is beautiful. These little treasures rarely get used and might get put in a memory box somewhere because of how cute they are, but my 14-year-old son is a serious kid who is very committed to following through on things.
It was clear that he put a lot of time and thought into this particular book because he numbered every coupon and was super specific with exactly what service he would provide for the 96 coupons inside. Bless. Him.
I knew he meant it. I knew that this wasn’t just some sweet home-made gift to make me do that “mom-sigh” and hug him and call it a day. He took the time to carefully create every colorful page, stapled together and filled with all the important services he intended to offer. His goal was to truly acknowledge all that I do while committing to giving back to me in exactly 96 different ways.
When he gave it to me, it came with a prepared presentation, describing the coupons and specifically how I can use them. He went over all the important rules regarding the use of this book with a determination that told me he was truly committed to delivering the services it promised. This was no ordinary coupon book; this was a labor of love that he intended to carry out completely.
OH. MY. HEART.
And as I tearfully looked at each page during his coupon book lecture, I discovered a letter written in red marker right in the middle of the book.
There it was. The letter I asked for. The letter that I thought would be one or two sentences long with typical boy words like “Thanks mom. You’re the best.” But instead, it read like no other letter I’ve ever received from him before. Clearly, my kid took his time thinking through the words he deliberately chose. I was so moved by the details he described and the outpouring of gratitude and love he conveyed. Someone must have helped him with this treasure, right? Apparently not. It was all him, misspellings and grammatical error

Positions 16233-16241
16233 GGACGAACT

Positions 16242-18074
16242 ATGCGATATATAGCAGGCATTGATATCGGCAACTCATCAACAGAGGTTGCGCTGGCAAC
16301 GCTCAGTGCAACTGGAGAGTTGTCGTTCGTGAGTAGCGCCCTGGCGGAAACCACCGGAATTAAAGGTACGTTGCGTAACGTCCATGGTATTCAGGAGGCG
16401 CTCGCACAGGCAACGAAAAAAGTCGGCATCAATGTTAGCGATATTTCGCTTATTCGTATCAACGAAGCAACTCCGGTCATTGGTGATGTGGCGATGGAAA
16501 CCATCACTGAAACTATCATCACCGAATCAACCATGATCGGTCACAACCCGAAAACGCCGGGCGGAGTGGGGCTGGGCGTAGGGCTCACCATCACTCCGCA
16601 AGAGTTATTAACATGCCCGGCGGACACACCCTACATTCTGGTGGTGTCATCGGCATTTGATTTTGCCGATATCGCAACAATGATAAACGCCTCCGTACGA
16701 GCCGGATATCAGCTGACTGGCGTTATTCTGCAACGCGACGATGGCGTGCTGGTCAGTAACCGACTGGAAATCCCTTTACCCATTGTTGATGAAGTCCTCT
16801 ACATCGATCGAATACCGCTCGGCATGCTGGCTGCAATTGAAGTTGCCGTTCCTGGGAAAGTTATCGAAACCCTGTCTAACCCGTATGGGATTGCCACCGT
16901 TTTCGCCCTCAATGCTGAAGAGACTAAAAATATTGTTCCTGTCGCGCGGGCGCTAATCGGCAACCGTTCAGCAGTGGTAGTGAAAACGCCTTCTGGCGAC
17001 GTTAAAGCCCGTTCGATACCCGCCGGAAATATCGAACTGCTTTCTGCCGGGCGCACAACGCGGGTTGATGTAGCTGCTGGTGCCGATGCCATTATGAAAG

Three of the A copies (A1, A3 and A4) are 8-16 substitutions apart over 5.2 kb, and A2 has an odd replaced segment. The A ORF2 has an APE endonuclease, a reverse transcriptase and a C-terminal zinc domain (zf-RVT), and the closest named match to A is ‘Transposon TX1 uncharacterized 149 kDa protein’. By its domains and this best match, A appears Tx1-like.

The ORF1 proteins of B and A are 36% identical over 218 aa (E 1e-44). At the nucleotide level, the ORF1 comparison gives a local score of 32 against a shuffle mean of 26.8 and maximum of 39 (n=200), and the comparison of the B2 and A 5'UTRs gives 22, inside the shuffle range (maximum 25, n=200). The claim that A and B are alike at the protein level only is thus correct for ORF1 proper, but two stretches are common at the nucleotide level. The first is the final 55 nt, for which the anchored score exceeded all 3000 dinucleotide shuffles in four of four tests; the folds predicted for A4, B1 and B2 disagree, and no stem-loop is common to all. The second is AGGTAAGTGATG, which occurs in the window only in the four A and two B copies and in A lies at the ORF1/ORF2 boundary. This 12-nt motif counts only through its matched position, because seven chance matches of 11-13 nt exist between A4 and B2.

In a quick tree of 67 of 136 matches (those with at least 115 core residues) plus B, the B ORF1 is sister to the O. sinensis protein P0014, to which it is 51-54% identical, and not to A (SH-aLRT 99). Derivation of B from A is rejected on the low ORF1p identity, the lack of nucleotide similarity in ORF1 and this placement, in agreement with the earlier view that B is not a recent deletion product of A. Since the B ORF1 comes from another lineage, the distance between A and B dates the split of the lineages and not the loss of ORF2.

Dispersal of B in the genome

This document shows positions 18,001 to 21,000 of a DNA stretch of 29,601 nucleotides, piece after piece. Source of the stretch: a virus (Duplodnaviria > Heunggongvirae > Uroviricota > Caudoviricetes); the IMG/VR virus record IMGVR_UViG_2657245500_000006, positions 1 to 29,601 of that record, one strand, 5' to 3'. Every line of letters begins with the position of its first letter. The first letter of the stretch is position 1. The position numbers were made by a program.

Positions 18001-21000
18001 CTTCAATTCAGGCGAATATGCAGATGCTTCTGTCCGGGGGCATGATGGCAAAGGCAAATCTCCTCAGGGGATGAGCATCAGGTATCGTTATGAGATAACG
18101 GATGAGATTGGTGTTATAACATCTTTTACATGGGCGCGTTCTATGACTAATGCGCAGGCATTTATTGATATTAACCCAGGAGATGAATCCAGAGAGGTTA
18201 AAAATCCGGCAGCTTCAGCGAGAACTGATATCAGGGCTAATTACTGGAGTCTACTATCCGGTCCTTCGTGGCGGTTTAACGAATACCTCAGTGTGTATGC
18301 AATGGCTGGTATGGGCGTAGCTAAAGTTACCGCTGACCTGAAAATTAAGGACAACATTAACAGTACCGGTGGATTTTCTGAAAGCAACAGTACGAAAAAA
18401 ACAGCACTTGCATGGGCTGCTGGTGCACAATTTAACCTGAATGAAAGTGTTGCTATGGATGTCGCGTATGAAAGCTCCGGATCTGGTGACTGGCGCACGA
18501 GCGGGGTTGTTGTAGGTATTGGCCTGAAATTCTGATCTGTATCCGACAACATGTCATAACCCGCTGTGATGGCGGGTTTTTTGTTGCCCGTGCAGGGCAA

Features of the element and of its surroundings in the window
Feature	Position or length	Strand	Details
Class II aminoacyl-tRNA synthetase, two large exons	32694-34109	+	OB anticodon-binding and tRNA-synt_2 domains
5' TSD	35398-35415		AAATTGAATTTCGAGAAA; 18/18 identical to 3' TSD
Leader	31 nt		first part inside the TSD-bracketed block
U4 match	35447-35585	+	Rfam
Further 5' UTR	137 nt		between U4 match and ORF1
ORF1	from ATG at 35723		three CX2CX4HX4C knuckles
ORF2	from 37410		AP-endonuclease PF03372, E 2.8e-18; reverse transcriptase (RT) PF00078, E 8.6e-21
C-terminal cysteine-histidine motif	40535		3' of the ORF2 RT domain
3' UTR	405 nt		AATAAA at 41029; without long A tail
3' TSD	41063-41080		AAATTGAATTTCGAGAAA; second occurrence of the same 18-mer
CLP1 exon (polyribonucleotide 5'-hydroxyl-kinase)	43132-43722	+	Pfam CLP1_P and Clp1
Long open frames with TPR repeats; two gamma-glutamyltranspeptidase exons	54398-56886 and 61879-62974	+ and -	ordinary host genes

“You are the best mom ever. You do all these things for us each day which may not look like big projects but over time they add up and put stress on you. I just wanted to say thank you from the deepest part of my heart for taking on these tasks and making this families lives easier. Hopefully these coupons will help you out. You do so much for this family thank you. Time is the most valuable thing in life, thank you for giving up it in serving us.
I love you so much!”
My son, who answers every single text with “K” or “Yes” or “No”, wrote all of this. My son, who is in the thick of raging hormones and allthethings 14-year-old boys go through, found a red marker, and poured his heart out in this letter. I wonder how long this took him to write? I’m betting quite some time because, with my boy, words like these rarely come easily. Pulling himself out of his world to truly see what goes on in mine is a rare and beautiful gift and I’m forever grateful for his love and appreciation poured out on this page.
I’ve since cashed in five of those coupons. I especially love the “Spa Day” ones, so my son has given me five 20-minute backrubs on different evenings, while we’ve watched our favorite shows together. I’ll be sure to use the other 91 coupons he so generously offered in the weeks and months to come. He’s carefully calculating my progress as I expected he would.
Yes, motherhood can be a thankless job, but sometimes, our kids really do come through for us, don’t they? Sometimes they surprise us by actually seeing all we do. And if we’re really lucky, they might even offer to give back a little too.
And we will hold onto those cherished moments forever.